Cassini is orbiting Saturn with a period of 23.9 days in a plane inclined 43 degrees from the planet's equatorial plane. The most recent spacecraft tracking and telemetry data were obtained on June 29, using the 70-meter diameter Deep Space Network station in Spain. The spacecraft continues to be in an excellent state of health with all of its subsystems operating normally except for the instrument issues described at http://saturn.jpl.nasa.gov/anomalies .

Cassini usually executes a targeted encounter with Saturn's moon Titan, or a smaller moon, on each of the spacecraft's trips around the planet. During the past orbit no such encounter was included, so Cassini's orbit period and inclination remain unchanged. A new orbit, #238, began this week which will include the Titan T-121 close encounter on July 25, for the purpose of science observations and orbit shaping.

Wednesday, July 6 (DOY 188)

Cassini's Ultraviolet Imaging Spectrograph (UVIS) continued controlling the spacecraft's attitude as it made mosaic scans of Saturn, its magnetosphere, and its rings. This 217-hour series of observations began on July 3, and continued through Saturday interrupted only by engineering activities and communications sessions with the Deep Space Network (DSN).

Thursday, July 7 (DOY 189)

Saturn continues to offer dazzling views for anyone with a small telescope. Its wide rings and golden color provide a nice contrast in the sky to nearby Mars and Antares. Saturn is but one of the objects pointed out in this month's "What's Up" video: https://solarsystem-legacy.jpl.nasa.gov/news/2016/07/02/whats-up-july-2016/ .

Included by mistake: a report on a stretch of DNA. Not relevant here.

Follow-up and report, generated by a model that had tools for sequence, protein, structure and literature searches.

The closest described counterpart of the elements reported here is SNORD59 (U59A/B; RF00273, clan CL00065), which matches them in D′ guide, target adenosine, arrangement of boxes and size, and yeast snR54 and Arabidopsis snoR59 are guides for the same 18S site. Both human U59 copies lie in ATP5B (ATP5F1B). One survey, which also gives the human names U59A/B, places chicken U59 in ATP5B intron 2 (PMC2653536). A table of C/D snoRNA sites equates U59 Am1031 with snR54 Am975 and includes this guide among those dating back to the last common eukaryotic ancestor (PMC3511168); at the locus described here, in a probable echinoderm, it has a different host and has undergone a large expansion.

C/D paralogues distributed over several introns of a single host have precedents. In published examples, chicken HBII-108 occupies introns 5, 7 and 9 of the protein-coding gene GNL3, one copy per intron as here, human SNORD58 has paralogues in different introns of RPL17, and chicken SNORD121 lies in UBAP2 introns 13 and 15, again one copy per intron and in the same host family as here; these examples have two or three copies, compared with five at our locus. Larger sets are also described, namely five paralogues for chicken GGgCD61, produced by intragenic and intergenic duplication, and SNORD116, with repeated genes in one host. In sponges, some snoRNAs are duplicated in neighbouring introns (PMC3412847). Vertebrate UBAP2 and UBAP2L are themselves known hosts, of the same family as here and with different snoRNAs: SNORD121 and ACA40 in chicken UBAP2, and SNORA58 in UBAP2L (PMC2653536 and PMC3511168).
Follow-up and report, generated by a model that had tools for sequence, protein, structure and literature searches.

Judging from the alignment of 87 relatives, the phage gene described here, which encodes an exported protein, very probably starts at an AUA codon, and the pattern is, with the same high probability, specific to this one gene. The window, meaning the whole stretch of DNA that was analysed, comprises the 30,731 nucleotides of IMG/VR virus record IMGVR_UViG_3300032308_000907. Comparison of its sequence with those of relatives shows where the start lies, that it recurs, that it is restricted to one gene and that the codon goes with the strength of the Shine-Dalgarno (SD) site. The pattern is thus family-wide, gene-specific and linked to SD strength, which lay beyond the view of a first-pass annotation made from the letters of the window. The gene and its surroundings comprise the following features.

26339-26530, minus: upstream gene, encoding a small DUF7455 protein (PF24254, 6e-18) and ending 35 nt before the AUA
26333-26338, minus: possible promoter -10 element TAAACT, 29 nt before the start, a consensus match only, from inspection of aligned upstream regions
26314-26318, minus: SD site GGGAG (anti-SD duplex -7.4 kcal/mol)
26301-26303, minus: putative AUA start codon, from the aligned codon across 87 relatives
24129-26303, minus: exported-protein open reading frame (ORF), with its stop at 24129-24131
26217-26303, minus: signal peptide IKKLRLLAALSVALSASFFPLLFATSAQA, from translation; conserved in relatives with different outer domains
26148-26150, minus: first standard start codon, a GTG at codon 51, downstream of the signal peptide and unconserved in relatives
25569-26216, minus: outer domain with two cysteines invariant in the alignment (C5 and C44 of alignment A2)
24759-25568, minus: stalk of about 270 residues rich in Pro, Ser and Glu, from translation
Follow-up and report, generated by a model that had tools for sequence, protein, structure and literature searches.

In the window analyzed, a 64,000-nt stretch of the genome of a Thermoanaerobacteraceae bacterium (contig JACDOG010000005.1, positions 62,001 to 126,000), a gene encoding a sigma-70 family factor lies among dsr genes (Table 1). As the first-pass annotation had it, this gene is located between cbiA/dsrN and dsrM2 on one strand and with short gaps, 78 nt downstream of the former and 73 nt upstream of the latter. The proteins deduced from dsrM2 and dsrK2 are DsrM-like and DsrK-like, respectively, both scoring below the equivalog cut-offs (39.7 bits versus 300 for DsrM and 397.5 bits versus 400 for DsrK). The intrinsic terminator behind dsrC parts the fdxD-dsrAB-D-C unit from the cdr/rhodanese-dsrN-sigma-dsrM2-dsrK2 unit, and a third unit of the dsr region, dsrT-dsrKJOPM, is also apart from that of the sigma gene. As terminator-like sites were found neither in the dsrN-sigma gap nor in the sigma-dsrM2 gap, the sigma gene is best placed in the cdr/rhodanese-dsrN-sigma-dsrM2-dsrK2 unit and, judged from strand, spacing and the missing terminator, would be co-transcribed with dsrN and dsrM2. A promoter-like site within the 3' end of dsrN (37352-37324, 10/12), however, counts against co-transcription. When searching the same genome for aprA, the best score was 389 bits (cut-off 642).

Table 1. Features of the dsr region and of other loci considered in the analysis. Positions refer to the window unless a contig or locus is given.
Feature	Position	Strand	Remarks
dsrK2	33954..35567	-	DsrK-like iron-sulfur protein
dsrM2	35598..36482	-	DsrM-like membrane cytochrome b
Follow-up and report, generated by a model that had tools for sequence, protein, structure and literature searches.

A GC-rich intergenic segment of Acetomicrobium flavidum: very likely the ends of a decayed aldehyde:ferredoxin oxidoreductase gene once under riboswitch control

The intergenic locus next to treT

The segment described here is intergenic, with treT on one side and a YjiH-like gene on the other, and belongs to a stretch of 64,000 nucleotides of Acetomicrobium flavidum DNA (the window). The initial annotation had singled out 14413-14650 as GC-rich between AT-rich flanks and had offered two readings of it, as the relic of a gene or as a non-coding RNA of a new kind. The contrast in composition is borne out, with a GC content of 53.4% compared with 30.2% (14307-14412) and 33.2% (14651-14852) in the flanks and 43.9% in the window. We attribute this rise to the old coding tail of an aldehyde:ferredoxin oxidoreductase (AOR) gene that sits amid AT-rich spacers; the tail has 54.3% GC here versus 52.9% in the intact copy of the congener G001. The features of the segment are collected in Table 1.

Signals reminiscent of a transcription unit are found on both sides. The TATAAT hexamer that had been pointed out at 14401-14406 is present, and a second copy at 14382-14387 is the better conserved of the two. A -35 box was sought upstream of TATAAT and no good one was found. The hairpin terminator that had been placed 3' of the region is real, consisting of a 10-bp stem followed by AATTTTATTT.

Saturday, July 9 (DOY 191)

When UVIS wrapped up its current set of observations, the Imaging Science Subsystem (ISS) led a 90-minute observation in the Titan monitoring campaign while the hazy, planet-like moon was at a distance of 2.4 million kilometers from the spacecraft. The Visible and Infrared Mapping Spectrometer (VIMS) participated. When this was finished, ISS led VIMS in a one-hour satellite orbit campaign observation, looking at small objects near the planet. This pair of observations repeated on Monday. When today's was finished, UVIS took up another mosaic scan of the Saturn system, this one lasting 34 hours, with ISS and VIMS riding along.

Monday, July 10 (DOY 192)

Cassini's final 10-week command sequence, S101, will begin controlling the spacecraft's activities in one year from today.

Monday, July 11 (DOY 193)

Cassini coasted through apoapsis in its orbit of Saturn, having climbed out to 2.5 million km while slowing to 8,676 km per hour relative to the planet. This marked the start of Cassini's orbit #238 of the ringed planet. The viewing geometry from Cassini at that point is illustrated here: http://go.nasa.gov/29xEkp8 .

Still taking advantage of this high altitude, high-inclination view, UVIS began another 34-hour mosaic scan of the Saturn system.

Eighteen months ago Cassini was in a much lower-inclination orbit. A view of the planet from back then captures Saturn's moon Tethys off in the distance: https://saturn.jpl.nasa.gov/resources/7384 .

Tuesday, July 12 (DOY 194)

On four occasions during the week, while Cassini's optical instruments were pointing at or near Saturn, ISS carried out two-minute Saturn storm-watch observations. VIMS rode along with two of them.

The Deep Space Network communicated with and tracked Cassini seven times this week, using stations in California and Australia. A total of 10 individual commands were uplinked, and about 942 megabytes of telemetry data were downlinked and captured at rates as high as 124,426 bits per second.

Milestones spanning the whole orbital tour are listed here: https://saturn.jpl.nasa.gov/news/59/saturn-tour-dates-2016/ .